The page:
obtained do not fear the contingency of loss. That those who devote themselves to cultivation of the inner man, though occupying no position, feel no shame. Thus indeed I have long preached. Only now, that I have seen Yen Hui, am I conscious of the realisation of these words."
Prince Mou of Chung-shan said to Chan Tzŭ, "My body is in the country, but my heart is in town. What am I to do?"
"Make life of paramount importance," answered Chan Tzŭ, "and worldly advantage will cease to have weight."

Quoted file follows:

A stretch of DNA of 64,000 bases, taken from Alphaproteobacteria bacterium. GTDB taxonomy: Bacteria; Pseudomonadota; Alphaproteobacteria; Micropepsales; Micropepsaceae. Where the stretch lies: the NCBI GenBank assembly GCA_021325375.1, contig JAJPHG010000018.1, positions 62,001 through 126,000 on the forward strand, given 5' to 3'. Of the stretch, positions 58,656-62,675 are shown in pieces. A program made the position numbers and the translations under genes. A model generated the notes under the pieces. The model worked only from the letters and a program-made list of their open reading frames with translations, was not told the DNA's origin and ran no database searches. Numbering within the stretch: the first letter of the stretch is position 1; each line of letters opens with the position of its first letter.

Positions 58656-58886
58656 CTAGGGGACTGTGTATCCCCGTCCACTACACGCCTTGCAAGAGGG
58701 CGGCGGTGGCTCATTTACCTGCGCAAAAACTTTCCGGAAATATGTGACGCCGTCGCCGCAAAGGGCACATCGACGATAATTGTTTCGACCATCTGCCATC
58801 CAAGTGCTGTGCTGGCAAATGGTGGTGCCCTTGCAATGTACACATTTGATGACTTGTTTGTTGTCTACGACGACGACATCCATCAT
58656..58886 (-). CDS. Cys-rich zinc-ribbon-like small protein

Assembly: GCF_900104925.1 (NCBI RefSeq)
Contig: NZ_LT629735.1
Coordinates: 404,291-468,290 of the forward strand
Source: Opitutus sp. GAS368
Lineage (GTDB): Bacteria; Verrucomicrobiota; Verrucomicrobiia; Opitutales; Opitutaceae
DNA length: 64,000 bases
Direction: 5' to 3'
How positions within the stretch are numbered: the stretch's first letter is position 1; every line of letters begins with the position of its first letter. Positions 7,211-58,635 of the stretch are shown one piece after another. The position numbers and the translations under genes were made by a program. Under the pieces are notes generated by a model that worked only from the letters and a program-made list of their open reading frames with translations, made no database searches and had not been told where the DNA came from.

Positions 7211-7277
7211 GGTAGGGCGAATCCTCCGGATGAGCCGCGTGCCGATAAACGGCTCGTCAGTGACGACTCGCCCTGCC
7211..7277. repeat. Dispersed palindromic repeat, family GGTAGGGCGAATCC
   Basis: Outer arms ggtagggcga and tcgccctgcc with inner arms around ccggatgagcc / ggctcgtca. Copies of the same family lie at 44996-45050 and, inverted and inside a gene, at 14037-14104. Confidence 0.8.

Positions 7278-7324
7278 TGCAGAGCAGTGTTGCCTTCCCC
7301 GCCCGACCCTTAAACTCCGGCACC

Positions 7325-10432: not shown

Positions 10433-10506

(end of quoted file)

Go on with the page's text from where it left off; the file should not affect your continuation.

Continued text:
"That I know," replied the Prince; "but I am not equal to the task."
"If you are not equal to this," said Chan Tzŭ, "then it were well for you to pursue your natural bent. Not to be equal to a task, and yet to force oneself to stick to it,—this is called adding one injury to another. And those who suffer such two-fold injury do not belong to the class of the long-lived."
Prince Mou of Wei was heir to the throne of a large State. For him to become a hermit among the hills was more difficult than for an ordinary cotton-clothed scholar. And although he had not attained to Tao, he may be said to have been on the way thither.
When Confucius was caught between the Ch'êns and the Ts'ais, he went seven days without proper